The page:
If your runway is slightly longer, then you can be more adventurous. Perhaps you try to earn money directly from your own business activities (old school profit) or you start to put the word out that you’re looking for freelancing activities.
Here I give an introduction to and overview of the main sources of funds and how to think about them.
Financing your idea exploration: sources of funds
- Your current job
If your current job isn’t overly demanding or if you can cruise, then it may be possible to experiment and explore on the side. This depends heavily on your job and on how you operate. Don’t underestimate the amount of momentum needed to find and test a business opportunity, and the difficulty of building that momentum if you’re juggling too many competing priorities… At some point, your job will be draining too much scare mental energy to be compatible with your entrepreneurial pursuits. In the meantime, exploring on the side is the easiest and lowest risk way to get started.
Savings determine your runway, as outlined above. Don’t forget to budget for the time you’d need to find a new job if you decide to go that route.
3. Work part-time
Reduce hours in your job or get a new part time job. You already have a reputation and goodwill in your current job, and you know what the job entails and how to be successful in it. You’re also prepared to walk away from that job for entrepreneurship. Using that position to negotiate reducing your hours may make sense as a safe starting point, to allow yourself a day or two a week to focus on entrepreneurship with limited financial risk and easy reversibility. On the flip side, it may be too conservative a move: sometimes it takes ending one chapter to really begin another.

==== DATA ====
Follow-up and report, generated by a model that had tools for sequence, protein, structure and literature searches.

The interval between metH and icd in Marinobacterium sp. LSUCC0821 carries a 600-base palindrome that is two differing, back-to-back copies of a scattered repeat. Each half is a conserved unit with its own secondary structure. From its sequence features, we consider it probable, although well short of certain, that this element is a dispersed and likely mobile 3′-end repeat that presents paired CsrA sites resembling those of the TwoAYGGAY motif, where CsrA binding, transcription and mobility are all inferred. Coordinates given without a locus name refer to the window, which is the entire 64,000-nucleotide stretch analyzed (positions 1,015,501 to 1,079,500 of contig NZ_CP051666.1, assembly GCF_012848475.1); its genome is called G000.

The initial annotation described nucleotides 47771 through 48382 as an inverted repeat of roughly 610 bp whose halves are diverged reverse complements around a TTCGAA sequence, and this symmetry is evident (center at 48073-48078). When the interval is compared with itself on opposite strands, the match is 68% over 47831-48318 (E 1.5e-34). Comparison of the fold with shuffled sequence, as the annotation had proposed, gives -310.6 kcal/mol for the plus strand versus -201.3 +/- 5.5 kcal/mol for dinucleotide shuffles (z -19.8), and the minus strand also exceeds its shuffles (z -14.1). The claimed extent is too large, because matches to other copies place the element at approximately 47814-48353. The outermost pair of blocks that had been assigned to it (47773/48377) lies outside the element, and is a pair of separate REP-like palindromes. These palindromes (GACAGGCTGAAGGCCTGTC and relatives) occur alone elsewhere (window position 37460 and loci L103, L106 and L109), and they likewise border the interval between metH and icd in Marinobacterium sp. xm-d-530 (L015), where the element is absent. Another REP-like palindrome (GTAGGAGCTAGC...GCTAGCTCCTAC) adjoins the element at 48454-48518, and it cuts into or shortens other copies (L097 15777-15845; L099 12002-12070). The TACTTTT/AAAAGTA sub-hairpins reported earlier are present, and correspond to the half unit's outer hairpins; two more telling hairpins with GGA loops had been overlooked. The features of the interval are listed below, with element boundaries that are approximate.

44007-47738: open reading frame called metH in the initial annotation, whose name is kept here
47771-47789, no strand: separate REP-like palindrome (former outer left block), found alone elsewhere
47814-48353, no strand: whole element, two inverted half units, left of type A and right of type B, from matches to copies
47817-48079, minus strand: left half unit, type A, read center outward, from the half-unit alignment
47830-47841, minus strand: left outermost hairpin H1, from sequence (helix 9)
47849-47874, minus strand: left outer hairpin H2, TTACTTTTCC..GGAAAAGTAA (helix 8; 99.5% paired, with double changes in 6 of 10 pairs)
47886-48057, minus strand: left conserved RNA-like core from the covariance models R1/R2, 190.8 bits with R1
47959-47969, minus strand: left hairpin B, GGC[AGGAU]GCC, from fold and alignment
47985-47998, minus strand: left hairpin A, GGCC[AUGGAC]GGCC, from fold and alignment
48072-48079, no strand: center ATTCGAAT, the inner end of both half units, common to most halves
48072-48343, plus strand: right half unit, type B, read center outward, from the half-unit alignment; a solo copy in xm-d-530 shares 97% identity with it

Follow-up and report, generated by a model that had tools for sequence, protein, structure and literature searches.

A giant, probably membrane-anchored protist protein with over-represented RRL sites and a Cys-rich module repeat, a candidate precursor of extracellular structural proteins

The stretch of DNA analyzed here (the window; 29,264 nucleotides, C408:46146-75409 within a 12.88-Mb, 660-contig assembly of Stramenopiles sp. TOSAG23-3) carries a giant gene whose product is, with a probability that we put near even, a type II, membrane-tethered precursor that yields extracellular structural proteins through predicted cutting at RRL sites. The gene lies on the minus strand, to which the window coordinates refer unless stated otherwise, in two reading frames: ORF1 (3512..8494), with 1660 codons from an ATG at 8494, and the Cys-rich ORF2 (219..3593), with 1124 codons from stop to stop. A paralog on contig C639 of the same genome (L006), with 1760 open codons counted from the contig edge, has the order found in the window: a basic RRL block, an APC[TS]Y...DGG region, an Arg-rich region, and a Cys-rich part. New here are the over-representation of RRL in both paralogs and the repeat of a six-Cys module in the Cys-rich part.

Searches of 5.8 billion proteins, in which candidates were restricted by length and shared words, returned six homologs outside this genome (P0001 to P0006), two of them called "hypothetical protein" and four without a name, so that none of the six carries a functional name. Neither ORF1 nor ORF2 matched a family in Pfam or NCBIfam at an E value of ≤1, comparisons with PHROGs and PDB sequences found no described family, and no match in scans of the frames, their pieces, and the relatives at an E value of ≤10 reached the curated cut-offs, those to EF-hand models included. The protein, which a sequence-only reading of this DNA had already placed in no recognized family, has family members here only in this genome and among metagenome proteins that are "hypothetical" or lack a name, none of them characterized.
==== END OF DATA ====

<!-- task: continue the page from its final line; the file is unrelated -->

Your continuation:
- Getting paid to test other peoples’ ideas
In my opinion, the best place to start the process of deliberate entrepreneurship is getting paid to test other people’s ideas. In practice, this means joining as a potential co-founder of a funded early stage opportunity that you find exciting.
The benefits are massive: from gaining experience hands-on working as an entrepreneur, developing your tangible skills, through honing your ability to assess risks and opportunities – the idea you originally thought was a sure thing may turn out to be anything but! There is also great long term potential: if you do end up onto a winner, you’re odds on favorite to join full-time as a co-founder.
The risks are low: there’s low commitment (in most cases a trial makes sense for both parties) and low downside risk (you’ll be getting paid). That said, joining as a potential co-founder will require full-time focus – it’s unlikely you will have much energy to explore other opportunities in parallel.
In this article I describe how to arrange trial projects so that you can get paid to test other people’s ideas.
- Accelerator programs:
Depending on your background and what you’re looking for, there may be accelerator programs available to you. For example, Entrepreneur First and Antler pay founders a monthly stipend (~$3k, depending on geography) to explore working with potential co-founders and validate business ideas.
A key selling point for these pre-idea accelerators is that they help you find a cofounder. Often they curate their cohort of 50 potential founders to maximise the chances of matching founders into pairs.
Additionally, these programs have coaches (I previously coached founders at Techstars and Entrepreneur First) and masterclasses where you can learn entrepreneurial skills such as customer development or fundraising 101.
There are also many specialist regional and industry accelerator programs (for instance a program for female founders in the health tech industry in Berlin). Get plugged into your local ecosystem to determine the accelerator programs on offer.